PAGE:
President's Budget Proposes Cuts to Historic Preservation
By Margaret Foster | Online Only | Feb. 15, 2011
Yesterday, President Obama sent his 2012 budget proposal to Capitol Hill, delivering a painful blow to preservationists: Two federal grant programs, Save America's Treasures and Preserve America, were eliminated, slashing the Historic Preservation Fund by 23 percent. Other sources for historic preservation were also cut severely. Funding for National Heritage Areas was reduced by half. And the National Park Service's construction budget, the account that funds maintenance on historic structures, took a 35 percent hit.
National Trust President Stephanie Meeks was "profoundly disappointed by the cuts in historic preservation funding," she said in a statement yesterday. "By choosing to eliminate this critical [Save America's Treasures] program, the Administration is abandoning the federal government's primary role as stewards of our history. Viewed as a piece of the overall budget, this program is obviously miniscule. … Without adequate funding, we will lose many of the important places that help us understand who we are as a nation."
Save America's Treasures, established in 1998 as a public-private partnership, has awarded about $300 million in public and private grants to 1,287 restoration projects, from the Wright Brothers' plane to the bus on which Rosa Parks was arrested. Save America's Treasures has created more than 16,000 jobs, according to the National Trust for Historic Preservation, program's private partner.
Anticipating criticism, the proposal provided justification for cutting Save America's Treasures and Preserve America: "These historic preservation grants to non-Federal entities provide mostly local benefits … at least half of Save America's Treasures projects are annually earmarked by Congress, without using merit-based criteria."
There are two major problems with the Department's justification for eliminating Save America's Treasures, says Bobbie Greene McCarthy, director of Save America's Treasures at the National Trust.
"The assertion that the program ‘serves only local and state level historic preservation projects' is factually incorrect—the entire premise of the program is built on national significance. In fact, only nationally significant projects are eligible to apply," McCarthy says. "The second factual error is that merit-based criteria are not in place for earmarks, when in fact all earmarks are required to be on the National Register at a minimum, and like the competitive grants they must also meet the same rigorous criteria of the Secretary's Standards for Historic Preservation."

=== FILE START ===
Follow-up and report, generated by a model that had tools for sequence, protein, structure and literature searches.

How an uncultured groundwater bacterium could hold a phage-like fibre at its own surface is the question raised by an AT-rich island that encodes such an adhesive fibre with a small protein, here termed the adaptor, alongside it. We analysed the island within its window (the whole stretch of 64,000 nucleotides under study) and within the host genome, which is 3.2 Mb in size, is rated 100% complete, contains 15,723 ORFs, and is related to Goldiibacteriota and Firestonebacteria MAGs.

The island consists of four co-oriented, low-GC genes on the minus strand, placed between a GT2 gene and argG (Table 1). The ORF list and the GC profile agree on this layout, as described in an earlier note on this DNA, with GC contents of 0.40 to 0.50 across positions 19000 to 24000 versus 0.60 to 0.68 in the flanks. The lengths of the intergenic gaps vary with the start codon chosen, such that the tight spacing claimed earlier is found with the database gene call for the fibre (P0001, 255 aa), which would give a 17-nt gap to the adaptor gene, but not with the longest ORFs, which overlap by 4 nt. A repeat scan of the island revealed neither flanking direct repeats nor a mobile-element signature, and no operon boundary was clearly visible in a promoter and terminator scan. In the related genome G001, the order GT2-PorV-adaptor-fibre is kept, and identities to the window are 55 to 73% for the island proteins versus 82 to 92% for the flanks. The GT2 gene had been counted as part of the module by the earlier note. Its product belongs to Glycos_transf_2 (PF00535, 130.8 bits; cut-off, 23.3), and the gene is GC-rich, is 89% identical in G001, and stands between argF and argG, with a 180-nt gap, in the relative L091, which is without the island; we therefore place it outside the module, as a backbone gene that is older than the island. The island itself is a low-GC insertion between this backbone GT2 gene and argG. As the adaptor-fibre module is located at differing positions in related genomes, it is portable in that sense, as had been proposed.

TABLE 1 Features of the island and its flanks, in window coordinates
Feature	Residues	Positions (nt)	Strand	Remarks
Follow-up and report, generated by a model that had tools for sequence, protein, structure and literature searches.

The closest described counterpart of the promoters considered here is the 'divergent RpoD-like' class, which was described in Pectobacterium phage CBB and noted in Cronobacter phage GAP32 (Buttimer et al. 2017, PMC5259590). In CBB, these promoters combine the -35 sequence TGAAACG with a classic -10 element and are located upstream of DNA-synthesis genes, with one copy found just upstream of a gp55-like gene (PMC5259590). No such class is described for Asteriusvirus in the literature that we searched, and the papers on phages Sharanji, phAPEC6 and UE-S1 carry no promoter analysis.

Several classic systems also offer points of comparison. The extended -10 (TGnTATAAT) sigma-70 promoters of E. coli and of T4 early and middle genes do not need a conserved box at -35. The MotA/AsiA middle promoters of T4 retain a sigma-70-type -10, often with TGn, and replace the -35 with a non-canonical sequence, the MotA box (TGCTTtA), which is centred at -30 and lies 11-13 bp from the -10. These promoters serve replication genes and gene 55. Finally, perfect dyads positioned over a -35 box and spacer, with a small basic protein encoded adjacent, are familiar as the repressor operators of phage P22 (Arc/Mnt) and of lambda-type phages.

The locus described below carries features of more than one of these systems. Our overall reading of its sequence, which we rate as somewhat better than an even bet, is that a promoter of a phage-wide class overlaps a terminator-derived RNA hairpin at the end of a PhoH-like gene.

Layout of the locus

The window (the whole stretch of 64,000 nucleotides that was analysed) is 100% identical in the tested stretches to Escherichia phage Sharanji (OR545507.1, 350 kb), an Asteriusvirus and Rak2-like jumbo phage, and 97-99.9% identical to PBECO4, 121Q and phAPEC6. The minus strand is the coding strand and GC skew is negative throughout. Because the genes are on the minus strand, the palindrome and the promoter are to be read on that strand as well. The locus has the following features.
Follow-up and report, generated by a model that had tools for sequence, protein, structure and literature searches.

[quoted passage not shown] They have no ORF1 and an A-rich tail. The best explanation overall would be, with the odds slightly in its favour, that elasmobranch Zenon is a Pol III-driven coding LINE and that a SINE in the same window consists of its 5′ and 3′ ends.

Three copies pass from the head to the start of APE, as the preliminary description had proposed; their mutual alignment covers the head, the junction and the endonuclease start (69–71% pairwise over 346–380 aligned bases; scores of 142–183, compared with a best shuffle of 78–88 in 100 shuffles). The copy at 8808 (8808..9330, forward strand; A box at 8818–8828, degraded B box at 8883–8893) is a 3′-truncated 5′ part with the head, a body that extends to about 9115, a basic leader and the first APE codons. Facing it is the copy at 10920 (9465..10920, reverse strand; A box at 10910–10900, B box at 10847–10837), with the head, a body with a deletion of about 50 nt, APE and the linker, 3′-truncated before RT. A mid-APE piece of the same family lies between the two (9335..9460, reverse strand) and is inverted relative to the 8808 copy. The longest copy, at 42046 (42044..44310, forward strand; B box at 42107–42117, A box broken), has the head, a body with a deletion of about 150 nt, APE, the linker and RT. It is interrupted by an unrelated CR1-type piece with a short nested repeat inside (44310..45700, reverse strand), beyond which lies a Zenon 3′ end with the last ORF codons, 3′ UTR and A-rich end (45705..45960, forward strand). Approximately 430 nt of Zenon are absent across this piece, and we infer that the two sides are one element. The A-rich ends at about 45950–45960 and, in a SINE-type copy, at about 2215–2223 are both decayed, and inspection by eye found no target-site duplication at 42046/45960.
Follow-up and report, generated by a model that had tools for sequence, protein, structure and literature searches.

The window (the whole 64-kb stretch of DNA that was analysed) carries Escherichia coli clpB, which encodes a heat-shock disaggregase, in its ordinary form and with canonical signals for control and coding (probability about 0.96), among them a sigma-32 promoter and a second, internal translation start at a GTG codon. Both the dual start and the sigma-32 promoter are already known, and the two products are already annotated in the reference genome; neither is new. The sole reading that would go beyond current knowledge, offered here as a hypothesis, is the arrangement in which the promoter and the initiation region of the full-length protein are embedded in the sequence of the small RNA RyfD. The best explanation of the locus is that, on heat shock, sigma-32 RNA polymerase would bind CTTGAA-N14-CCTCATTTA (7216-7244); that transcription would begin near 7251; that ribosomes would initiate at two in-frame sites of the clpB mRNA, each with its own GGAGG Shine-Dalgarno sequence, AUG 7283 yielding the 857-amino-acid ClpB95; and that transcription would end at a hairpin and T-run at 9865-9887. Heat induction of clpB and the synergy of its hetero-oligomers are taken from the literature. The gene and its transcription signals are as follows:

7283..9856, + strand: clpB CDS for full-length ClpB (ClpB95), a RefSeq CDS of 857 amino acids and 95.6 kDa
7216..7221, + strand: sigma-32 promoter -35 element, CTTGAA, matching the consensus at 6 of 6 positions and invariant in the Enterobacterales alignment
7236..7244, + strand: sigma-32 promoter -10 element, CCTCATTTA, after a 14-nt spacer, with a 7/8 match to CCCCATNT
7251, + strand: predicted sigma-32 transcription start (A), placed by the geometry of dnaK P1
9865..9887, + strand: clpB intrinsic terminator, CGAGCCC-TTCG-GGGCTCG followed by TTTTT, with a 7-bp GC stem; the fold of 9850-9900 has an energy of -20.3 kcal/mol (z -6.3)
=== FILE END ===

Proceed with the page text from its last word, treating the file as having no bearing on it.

America's Unseen Treasures
So far, the Bureau of Land Management has identified cultural resources on just eight percent of its land. In 2006, the National Trust for Historic Preservation released a Report on Cultural Resources on the BLM Public Lands. The president's budget proposal addresses several points in that report, including more funding for cultural resources survey, restoration, preservation and interpretation, and an increase in the funding of the National Landscape Conservation System, which the National Trust named one of America's 11 Most Endangered Historic Places in 2005.
The proposed budget does retain some critical programs, such as the National Register for Historic Places, the Section 106 program, and rehabilitation tax credits—"the programs that are the foundation, that allow the work of statewide and locals and individual preservationists to happen," says Nancy Schamu, executive director of the National Conference of State Historic Preservation Officers.
In addition, the budget proposes a more than 50 percent increase in funding for the Bureau of Land Management's cultural resources management. It also includes a 26 percent increase for National Monuments and National Conservation Areas—areas that include landmarks like Colorado's Canyons of the Ancients National Monument and Lewis and Clark's Pompeys Pillar in Montana. And the 212-page document provides increased funding for tribes and states for their historic preservation programs ($4 million more for state historic preservation officers and $3 million more for tribal historic preservation officers). The American Battlefield Protection Program maintained its funding at $10 million, as did the $3 million for Japanese Confinement Sites Grants.
Nonetheless, McCarthy says, the country may lose a worthy program: "Save America's Treasures provides the only federal support for bricks and mortar preservation," she says. "Without it, our most important sites and collections will once more be at increased risk."
The president's budget proposal sets the spending debate for 2012 in motion as the House and Senate begin work on the annual appropriations bills to fund the federal government. Congress is now wrestling with the unfinished business of settling this year's budget and will move on to next year's bills through the next few months.
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